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AnnArbor.com's News section covers government, crime, education, health and the environment across Washtenaw County.

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    The final product after three days of painting the median outside of Brick Elementary School.

    Courtesy of David Northrop

    Brick Elementary School is continuing to take on the task of decorating its facility — inside and out — with art projects created by students, faculty and community members.

    The school, located at 8970 Whittaker Road, has made its most recent project the painting of a cement median, which divides the two sides of the parent pick-up and drop-off loop.

    “It’s a cement median just like the ones used on I-94,” Brick Elementary School Principal David Northrop said. “It was functional, but to be quite honest it looked very dull and lifeless. Now, when people pass by, it looks like there is life in this building.”

    With the help of art teacher Laura Angel, Northrop’s wish to transform the median for the benefit of the school and the community became a reality.

    “This median sits at the busiest intersection in our community so it benefits not just the students and faculty who can see it from the building, but also anyone who drives by,” Northrop said.

    Angel reached out to staff members, students, parents and community members to help with the project.

    Beginning July 8, about 30 people came out to help with the three-day project, Northrop said. About 10 of the people involved with the project were students at Brick Elementary.

    Inspired by a fence in the Ann Arbor area, Angel developed a design for the median, which was then approved by the superintendent and a few school board members.


    Students paint the median outside of Brick Elementary School.

    Courtesy of David Northrop

    “The once unattractive median is now a floral scene,” Northrop said. “The bottom is blades of grass with a blue sky above it and then flowers set over the sky. It resembles a crayon drawing.”

    Northrop said the newly painted median is now a better reflection of the school — lively and creative.

    A 24-foot mural for the inside of the building is also underway. The artwork, depicting children’s hands in the sky, will be hung this summer.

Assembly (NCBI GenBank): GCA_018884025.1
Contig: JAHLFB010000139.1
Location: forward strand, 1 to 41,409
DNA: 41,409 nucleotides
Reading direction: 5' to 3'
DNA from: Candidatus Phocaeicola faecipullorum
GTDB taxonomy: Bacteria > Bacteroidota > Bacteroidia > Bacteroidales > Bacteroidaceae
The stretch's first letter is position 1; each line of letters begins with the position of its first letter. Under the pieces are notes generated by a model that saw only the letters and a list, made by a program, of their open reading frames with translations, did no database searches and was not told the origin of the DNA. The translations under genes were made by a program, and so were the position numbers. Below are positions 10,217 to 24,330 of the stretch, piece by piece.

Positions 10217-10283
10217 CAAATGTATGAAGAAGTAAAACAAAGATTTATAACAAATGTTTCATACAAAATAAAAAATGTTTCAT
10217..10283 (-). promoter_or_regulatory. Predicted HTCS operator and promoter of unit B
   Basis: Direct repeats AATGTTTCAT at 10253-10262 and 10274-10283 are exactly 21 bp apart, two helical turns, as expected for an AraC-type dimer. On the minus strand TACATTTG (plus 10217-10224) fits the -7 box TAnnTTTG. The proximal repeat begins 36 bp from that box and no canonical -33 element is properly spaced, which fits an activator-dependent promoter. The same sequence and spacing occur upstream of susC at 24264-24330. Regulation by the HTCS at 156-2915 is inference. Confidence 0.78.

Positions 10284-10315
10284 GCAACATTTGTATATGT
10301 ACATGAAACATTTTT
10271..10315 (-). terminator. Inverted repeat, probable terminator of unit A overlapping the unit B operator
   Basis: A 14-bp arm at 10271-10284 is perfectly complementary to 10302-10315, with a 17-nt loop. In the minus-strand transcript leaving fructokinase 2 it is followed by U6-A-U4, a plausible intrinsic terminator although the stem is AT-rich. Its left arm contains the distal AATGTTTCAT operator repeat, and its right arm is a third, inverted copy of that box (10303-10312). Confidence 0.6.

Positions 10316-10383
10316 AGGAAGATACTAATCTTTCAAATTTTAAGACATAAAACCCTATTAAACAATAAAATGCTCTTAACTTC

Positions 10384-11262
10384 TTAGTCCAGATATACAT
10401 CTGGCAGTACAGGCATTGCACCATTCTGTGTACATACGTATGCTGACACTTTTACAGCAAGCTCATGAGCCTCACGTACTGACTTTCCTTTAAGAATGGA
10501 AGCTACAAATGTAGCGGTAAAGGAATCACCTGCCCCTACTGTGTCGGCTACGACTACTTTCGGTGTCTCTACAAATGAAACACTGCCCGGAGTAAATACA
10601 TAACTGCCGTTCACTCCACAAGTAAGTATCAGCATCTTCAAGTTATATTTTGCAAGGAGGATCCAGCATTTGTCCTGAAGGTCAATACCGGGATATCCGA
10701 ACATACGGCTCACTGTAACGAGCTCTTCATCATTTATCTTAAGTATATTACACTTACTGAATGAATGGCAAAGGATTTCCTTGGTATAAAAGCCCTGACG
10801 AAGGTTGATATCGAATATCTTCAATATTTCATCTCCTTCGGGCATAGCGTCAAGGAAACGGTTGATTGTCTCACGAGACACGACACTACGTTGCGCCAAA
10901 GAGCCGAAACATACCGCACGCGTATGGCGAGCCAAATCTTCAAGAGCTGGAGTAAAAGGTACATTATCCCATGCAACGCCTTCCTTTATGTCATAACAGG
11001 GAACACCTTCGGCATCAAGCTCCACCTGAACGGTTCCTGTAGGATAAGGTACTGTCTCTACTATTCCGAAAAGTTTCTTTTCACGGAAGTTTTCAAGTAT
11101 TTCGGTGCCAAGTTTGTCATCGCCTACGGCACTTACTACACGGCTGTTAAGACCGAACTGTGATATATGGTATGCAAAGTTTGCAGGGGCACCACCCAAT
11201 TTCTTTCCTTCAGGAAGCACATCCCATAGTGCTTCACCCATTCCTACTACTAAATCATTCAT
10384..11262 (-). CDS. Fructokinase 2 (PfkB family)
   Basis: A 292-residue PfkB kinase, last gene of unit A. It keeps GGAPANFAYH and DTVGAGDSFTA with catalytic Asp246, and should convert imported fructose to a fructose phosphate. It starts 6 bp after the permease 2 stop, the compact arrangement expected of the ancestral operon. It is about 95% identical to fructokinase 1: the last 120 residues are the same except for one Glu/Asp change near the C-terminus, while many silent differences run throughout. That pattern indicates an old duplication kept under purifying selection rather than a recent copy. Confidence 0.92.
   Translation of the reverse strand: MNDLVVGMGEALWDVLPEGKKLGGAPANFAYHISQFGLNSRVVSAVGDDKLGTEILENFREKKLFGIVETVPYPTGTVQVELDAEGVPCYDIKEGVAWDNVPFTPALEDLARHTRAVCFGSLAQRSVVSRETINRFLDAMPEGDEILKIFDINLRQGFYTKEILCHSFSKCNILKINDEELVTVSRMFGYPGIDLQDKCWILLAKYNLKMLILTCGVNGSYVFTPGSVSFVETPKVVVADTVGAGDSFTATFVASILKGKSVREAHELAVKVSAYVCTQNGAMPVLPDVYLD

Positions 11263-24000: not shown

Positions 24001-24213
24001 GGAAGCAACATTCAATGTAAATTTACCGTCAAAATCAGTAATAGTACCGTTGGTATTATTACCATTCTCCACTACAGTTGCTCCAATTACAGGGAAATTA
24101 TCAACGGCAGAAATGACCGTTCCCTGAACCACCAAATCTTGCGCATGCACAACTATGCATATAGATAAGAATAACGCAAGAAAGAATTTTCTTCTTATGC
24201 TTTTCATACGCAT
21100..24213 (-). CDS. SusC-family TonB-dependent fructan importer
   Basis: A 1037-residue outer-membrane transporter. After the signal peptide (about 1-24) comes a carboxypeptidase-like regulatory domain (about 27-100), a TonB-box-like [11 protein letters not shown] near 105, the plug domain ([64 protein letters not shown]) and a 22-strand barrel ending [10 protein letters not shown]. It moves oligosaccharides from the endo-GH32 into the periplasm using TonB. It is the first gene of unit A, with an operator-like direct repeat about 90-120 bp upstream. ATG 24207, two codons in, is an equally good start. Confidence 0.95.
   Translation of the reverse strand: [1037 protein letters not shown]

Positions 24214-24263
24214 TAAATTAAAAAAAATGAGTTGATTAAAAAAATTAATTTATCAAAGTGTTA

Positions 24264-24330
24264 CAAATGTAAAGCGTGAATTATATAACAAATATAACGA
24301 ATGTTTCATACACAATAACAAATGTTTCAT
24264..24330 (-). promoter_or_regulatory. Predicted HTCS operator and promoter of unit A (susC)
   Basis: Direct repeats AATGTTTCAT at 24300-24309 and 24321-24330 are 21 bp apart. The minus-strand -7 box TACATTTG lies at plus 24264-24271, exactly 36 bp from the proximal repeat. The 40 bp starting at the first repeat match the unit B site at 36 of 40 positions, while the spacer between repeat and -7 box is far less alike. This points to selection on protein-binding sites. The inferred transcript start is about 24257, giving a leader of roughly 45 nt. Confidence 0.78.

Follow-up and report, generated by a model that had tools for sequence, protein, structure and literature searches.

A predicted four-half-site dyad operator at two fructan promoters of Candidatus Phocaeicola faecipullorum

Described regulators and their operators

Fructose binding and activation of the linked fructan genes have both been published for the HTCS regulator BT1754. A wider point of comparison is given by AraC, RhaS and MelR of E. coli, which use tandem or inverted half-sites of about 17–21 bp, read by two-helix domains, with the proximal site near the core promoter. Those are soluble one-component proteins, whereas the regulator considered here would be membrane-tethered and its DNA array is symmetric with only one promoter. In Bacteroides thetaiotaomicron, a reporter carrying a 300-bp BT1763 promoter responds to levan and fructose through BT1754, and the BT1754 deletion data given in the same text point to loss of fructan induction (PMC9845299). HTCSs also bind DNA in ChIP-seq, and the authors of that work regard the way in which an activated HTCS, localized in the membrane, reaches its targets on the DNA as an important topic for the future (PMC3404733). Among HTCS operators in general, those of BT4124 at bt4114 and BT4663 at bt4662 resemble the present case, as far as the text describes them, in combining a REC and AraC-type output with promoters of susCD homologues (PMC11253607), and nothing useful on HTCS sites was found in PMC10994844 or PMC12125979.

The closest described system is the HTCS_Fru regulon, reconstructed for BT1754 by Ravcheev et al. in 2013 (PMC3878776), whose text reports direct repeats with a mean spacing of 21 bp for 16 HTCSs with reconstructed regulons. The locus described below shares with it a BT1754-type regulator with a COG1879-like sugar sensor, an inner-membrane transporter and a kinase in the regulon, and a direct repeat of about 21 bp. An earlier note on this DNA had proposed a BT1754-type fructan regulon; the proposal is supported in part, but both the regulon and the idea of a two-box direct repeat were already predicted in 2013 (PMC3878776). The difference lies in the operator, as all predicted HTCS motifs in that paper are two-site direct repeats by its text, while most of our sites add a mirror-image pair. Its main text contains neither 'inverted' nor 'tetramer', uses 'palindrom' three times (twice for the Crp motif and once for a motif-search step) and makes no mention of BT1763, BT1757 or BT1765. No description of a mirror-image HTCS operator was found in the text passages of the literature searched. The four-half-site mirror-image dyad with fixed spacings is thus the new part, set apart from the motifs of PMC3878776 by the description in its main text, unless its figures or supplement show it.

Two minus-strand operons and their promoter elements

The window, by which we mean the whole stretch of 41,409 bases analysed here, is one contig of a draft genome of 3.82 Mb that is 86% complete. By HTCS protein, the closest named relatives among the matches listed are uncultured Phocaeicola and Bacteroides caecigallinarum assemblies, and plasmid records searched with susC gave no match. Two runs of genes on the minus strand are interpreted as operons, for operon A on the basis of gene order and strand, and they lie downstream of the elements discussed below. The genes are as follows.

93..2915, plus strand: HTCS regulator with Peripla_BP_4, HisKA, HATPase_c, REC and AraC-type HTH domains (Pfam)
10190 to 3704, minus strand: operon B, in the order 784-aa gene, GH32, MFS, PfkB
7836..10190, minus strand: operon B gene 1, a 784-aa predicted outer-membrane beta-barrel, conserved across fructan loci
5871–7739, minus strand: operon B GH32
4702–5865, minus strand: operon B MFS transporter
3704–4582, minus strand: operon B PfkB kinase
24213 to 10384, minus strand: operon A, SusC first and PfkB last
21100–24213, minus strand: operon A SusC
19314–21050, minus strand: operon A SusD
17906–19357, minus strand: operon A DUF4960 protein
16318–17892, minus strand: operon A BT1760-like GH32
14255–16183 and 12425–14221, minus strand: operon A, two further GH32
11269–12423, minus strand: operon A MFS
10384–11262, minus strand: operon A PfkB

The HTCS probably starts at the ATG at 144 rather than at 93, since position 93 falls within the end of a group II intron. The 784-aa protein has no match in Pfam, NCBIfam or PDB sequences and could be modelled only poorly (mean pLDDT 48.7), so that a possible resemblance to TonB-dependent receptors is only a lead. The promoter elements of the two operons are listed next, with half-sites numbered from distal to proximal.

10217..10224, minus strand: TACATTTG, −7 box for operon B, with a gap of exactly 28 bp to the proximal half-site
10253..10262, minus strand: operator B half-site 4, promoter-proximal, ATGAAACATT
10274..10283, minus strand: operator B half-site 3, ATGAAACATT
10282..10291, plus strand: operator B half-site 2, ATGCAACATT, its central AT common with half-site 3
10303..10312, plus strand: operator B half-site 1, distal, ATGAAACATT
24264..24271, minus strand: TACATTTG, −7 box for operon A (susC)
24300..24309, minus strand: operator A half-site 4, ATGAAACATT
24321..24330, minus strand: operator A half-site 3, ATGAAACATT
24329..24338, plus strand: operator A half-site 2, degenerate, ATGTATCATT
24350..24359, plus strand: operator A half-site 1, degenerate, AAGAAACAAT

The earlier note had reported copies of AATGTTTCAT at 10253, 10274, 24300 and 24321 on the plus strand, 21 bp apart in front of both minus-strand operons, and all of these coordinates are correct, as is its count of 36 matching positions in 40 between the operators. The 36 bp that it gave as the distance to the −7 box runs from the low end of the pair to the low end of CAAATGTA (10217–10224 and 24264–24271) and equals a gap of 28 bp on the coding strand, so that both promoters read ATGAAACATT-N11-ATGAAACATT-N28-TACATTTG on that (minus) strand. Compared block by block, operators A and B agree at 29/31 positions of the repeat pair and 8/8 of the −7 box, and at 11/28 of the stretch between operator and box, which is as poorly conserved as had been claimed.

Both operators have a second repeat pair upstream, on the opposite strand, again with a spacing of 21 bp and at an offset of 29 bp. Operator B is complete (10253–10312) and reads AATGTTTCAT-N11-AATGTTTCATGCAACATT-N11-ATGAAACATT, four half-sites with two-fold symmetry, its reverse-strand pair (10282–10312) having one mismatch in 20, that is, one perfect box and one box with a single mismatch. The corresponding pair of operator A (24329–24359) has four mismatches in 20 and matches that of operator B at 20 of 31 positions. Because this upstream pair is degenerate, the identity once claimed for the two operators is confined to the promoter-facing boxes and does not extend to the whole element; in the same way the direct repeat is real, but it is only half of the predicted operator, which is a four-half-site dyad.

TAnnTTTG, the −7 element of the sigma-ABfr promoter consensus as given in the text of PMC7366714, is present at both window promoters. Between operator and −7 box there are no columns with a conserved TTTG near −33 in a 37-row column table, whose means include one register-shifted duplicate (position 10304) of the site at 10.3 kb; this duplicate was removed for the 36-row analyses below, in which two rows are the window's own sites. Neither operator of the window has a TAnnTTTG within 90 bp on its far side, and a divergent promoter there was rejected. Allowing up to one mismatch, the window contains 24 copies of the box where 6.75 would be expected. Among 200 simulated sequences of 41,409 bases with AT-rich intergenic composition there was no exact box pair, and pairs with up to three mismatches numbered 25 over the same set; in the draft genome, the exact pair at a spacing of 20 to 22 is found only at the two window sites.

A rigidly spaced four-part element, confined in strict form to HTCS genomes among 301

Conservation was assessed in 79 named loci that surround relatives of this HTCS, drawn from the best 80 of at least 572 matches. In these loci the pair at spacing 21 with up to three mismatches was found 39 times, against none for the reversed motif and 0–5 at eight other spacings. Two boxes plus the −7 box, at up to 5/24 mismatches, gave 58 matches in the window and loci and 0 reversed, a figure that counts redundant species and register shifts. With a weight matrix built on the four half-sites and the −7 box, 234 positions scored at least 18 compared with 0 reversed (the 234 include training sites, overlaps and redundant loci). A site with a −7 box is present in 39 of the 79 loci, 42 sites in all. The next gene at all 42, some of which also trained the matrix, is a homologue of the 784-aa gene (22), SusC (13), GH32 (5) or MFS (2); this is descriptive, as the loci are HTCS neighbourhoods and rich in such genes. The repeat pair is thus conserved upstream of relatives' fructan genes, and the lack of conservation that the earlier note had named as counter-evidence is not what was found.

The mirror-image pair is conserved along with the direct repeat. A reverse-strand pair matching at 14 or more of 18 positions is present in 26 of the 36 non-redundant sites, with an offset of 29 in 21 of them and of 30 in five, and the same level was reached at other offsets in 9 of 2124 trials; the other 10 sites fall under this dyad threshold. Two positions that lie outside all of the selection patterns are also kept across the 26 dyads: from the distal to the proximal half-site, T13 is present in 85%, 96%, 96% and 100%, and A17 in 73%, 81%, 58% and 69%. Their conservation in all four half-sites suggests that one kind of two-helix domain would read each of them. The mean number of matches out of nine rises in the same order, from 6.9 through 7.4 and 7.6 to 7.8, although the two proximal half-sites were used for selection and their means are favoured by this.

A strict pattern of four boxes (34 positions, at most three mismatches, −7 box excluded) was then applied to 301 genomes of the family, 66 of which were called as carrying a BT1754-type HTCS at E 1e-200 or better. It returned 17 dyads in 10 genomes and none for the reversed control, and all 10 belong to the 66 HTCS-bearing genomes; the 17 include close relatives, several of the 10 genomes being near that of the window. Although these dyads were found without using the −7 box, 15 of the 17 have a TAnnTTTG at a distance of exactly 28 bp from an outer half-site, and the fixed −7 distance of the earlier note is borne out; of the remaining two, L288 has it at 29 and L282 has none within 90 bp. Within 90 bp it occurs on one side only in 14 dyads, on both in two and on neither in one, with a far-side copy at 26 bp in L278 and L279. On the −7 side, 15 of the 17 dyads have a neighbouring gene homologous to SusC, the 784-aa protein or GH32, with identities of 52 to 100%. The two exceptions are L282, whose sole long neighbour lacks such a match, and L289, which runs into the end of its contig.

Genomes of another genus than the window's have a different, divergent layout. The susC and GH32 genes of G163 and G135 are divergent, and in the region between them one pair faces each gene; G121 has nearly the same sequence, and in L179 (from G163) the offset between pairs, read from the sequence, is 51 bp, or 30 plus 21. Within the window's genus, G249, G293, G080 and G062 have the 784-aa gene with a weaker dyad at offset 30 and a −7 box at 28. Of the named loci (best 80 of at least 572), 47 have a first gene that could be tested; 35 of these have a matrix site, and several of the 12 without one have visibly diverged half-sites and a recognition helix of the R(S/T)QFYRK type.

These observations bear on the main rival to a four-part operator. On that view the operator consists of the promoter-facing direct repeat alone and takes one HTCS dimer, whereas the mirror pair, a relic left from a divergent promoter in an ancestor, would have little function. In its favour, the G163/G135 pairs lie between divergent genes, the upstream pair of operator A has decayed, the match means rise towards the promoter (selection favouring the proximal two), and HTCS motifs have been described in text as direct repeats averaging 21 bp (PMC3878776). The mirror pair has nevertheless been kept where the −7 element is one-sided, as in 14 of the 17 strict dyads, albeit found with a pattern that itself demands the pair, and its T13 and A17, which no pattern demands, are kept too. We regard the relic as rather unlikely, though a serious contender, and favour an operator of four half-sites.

“The building was recently renovated and repainted and the result was a very clean looking school, but it needed to be spruced up,” Northrop said. “The past year was my first as principal at Brick Elementary and I came in with a fresh eye and made a commitment to work with people and help beautify the building.”

    Throughout the school year, murals were painted on ceiling tiles and on the wall of the cafeteria. Historic photos of the building were hung and landscaping projects have been ongoing.

    The projects were funded by money raised through fundraising efforts made throughout the year, Northrop said.

    “Our district has a tradition of getting together and rolling up its sleeves when something needs to be done,” Northrop said. “That goes back to our founding in 1924.”

    Chelsea Hoedl is an intern reporter for AnnArbor.com. She can be reached at choedl@mlive.com.

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    As Paul DeWolf's family works to understand his death, his brother tells AnnArbor.com they are remembering a life ended too soon.

    Joshua DeWolf said his family is asking for prayers Friday night. He said the family is struggling to understand his death.

    "As we struggle to understand what happened we know that Paul is now in Heaven with his Savior," Joshua DeWolf wrote in an email. "He has completed his final race and is now claiming his prize. He now is able to run and fly with the angels."


    Courtesy photo

    Paul DeWolf was found dead of a single gunshot wound Wednesday in his home on the 200 block of North Ingalls Street. Police are investigating his death as a homicide.

    To this point, police have not released any suspect information. The apartment where Paul DeWolf died was in order and nothing appeared to be out of place or stolen, according to Ann Arbor police investigators.

    Paul DeWolf was entering his fourth year as a medical student at the University of Michgan and was a second lieutenant in the United States Air Force.

    Joshua DeWolf said his brother was excited about beginning a military career after graduation in May 2014.